The fifth novel in the Circle City Mystery series, Unscrupulous, takes on more than one complicated issue. The crime is human trafficking of children. This in itself is horrendous enough to consider; however, the theme lies in how three children never give up on the idea they will survive and find a way back home, and of the determination of the police to save them.

Of course, as I have done in most of my novels, there are many other sub-themes mixed in with the personal lives of these detectives. In Unscrupulous, Sergeant Brent Freeman is lead detective and in the midst of this stressful case, he has to deal with the destructive emotion of jealousy.

Throughout the series, we watch as detectives deal with their families, colleagues, lovers, and friends. Lessons can be learned as we watch each character grow or fall—willing them to get back on track and try again.

I believe we need to show our characters as people. They need to have faults, values, and the ability to change as they live life’s lessons. I can truly speak for myself when I say that as a young twenty-something, I thought I had everything figured out. In the many years since that time, I have discovered that not all is black and white. I need for my characters to do the same. Their experiences must move them to the next level. Whether they move in a positive or negative direction will show readers a particular character’s strength.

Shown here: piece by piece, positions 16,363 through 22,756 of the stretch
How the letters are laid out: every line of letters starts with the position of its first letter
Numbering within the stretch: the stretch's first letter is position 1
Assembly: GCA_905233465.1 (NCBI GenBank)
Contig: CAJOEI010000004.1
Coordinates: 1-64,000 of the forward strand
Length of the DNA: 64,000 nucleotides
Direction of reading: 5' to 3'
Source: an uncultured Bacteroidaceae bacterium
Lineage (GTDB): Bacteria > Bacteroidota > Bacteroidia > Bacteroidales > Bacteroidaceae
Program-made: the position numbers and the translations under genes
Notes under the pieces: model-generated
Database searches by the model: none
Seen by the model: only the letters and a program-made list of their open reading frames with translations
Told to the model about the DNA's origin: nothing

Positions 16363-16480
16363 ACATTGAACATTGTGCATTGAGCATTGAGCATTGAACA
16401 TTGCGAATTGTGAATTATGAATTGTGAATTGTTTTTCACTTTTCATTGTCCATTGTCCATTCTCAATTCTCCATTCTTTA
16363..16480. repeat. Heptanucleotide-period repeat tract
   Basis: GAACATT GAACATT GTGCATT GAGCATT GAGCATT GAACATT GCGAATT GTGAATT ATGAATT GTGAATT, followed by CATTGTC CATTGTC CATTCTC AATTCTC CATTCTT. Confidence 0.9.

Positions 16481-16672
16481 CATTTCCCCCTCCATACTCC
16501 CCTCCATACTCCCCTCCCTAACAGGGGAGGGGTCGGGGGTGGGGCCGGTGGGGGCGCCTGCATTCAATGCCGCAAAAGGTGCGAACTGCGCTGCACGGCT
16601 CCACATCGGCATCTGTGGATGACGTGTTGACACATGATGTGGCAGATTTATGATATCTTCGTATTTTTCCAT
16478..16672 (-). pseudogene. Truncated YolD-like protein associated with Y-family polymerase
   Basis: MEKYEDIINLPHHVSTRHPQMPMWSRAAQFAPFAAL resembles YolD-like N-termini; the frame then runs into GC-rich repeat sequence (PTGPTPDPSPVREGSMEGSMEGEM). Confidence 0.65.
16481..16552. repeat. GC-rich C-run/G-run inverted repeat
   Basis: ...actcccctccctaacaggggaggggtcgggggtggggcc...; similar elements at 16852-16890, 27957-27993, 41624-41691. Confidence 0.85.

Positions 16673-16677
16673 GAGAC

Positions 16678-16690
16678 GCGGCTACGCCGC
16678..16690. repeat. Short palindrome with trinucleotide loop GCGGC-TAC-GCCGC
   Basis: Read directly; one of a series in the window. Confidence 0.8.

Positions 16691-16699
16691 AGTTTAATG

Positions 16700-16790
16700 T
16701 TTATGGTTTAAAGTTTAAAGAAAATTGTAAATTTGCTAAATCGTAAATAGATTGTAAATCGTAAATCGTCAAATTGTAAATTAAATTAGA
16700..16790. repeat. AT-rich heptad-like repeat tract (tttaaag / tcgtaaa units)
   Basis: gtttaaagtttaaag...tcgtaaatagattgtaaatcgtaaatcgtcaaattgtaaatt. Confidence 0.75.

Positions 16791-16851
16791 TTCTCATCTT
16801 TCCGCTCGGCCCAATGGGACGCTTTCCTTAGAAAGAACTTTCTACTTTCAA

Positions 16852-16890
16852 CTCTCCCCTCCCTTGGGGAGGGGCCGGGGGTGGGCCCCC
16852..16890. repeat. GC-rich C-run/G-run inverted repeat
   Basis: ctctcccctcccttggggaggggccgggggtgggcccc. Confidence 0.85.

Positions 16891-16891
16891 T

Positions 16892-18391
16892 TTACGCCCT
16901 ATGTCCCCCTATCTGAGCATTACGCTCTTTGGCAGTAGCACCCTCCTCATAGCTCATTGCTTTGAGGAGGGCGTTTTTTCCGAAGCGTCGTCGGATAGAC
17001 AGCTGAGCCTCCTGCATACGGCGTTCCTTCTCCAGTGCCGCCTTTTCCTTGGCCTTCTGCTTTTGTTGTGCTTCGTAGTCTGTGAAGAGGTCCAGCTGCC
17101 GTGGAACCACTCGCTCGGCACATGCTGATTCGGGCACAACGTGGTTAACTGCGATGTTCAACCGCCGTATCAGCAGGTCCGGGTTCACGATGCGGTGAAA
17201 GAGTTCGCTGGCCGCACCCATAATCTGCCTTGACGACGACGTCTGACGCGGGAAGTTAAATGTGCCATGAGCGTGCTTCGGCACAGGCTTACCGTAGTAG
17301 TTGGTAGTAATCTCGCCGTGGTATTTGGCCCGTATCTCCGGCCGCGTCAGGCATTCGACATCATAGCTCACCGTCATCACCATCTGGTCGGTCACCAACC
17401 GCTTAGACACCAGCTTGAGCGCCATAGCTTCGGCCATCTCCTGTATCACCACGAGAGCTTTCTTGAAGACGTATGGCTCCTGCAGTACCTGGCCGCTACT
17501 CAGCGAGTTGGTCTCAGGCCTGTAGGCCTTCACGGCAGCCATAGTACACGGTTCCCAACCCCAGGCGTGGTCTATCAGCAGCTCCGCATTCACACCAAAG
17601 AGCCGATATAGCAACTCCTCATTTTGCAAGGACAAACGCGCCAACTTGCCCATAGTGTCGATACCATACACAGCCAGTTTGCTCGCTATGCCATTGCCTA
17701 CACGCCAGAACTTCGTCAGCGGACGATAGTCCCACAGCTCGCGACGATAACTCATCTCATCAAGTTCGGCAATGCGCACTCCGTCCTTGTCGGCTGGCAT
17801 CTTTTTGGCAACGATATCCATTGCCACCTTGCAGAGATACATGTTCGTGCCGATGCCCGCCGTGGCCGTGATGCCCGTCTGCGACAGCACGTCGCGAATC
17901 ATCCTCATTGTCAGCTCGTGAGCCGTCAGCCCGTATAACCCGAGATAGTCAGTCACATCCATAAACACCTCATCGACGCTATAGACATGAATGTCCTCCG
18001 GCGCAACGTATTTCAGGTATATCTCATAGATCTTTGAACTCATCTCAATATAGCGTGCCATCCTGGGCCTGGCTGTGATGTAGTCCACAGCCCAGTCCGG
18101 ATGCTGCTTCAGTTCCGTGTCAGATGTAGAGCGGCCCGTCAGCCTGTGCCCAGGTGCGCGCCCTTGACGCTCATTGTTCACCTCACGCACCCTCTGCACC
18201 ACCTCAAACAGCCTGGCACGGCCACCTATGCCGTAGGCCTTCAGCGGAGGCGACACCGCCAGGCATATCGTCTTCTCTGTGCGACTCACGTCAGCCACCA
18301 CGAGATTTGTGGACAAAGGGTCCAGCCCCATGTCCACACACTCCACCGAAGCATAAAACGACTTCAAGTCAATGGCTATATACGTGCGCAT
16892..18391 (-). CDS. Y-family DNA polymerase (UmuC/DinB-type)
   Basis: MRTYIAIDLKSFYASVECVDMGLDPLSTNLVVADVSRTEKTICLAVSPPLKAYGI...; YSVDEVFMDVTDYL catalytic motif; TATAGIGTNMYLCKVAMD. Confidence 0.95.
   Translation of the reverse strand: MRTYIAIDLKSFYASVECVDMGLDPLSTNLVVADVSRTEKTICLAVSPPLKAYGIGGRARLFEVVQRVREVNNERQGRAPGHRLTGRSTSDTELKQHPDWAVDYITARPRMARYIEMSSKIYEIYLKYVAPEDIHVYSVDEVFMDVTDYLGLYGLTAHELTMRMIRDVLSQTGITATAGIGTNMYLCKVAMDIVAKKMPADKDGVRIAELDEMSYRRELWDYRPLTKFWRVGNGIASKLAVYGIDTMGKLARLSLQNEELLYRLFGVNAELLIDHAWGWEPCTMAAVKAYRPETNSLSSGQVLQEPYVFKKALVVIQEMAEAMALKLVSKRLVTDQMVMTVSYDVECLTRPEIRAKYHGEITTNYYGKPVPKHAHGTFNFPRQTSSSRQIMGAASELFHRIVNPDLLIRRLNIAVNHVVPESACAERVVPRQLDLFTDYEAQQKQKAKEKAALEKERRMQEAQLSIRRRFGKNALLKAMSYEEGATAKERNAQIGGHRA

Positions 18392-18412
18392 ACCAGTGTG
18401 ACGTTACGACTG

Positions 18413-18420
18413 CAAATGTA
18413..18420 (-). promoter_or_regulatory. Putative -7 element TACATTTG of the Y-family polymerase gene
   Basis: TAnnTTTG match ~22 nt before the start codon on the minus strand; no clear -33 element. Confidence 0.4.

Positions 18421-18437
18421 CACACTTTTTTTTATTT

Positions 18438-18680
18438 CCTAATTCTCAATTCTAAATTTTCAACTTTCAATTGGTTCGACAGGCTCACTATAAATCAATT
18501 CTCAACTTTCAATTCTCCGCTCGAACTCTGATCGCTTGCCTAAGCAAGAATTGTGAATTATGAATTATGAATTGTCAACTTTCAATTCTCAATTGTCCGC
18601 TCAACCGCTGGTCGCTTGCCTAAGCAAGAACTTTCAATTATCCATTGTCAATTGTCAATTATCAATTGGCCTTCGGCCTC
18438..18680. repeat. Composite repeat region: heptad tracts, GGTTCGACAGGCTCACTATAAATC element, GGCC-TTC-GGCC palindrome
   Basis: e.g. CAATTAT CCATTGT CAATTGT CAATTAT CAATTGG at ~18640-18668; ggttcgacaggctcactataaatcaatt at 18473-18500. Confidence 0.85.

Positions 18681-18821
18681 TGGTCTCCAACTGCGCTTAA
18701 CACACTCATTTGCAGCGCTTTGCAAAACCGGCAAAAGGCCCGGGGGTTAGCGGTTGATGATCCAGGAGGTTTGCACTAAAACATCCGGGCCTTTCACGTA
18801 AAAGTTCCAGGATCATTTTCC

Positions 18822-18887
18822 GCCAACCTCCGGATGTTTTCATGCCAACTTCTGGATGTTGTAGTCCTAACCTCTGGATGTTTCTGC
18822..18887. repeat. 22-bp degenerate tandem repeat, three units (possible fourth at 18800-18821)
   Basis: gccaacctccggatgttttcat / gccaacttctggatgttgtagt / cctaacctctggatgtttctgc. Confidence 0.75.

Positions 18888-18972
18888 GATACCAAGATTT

To new authors, I would say, please keep your characters human. Never make your “good guy” too pure and perfect or make your “bad guy” so evil that a redeeming quality can’t be spotted. Human beings aren’t like this. You want to keep your readers’ attention and have them coming back for more. Readers must have a sense that a character can change or they will get bored.


Christmas is only a week away, but not all is merry and bright for Sergeant Brent Freeman and his partner, newly promoted Detective Anne Samuels. They find themselves facing more than a homicide when they discover the victim’s five-year-old daughter, Maricella, is missing.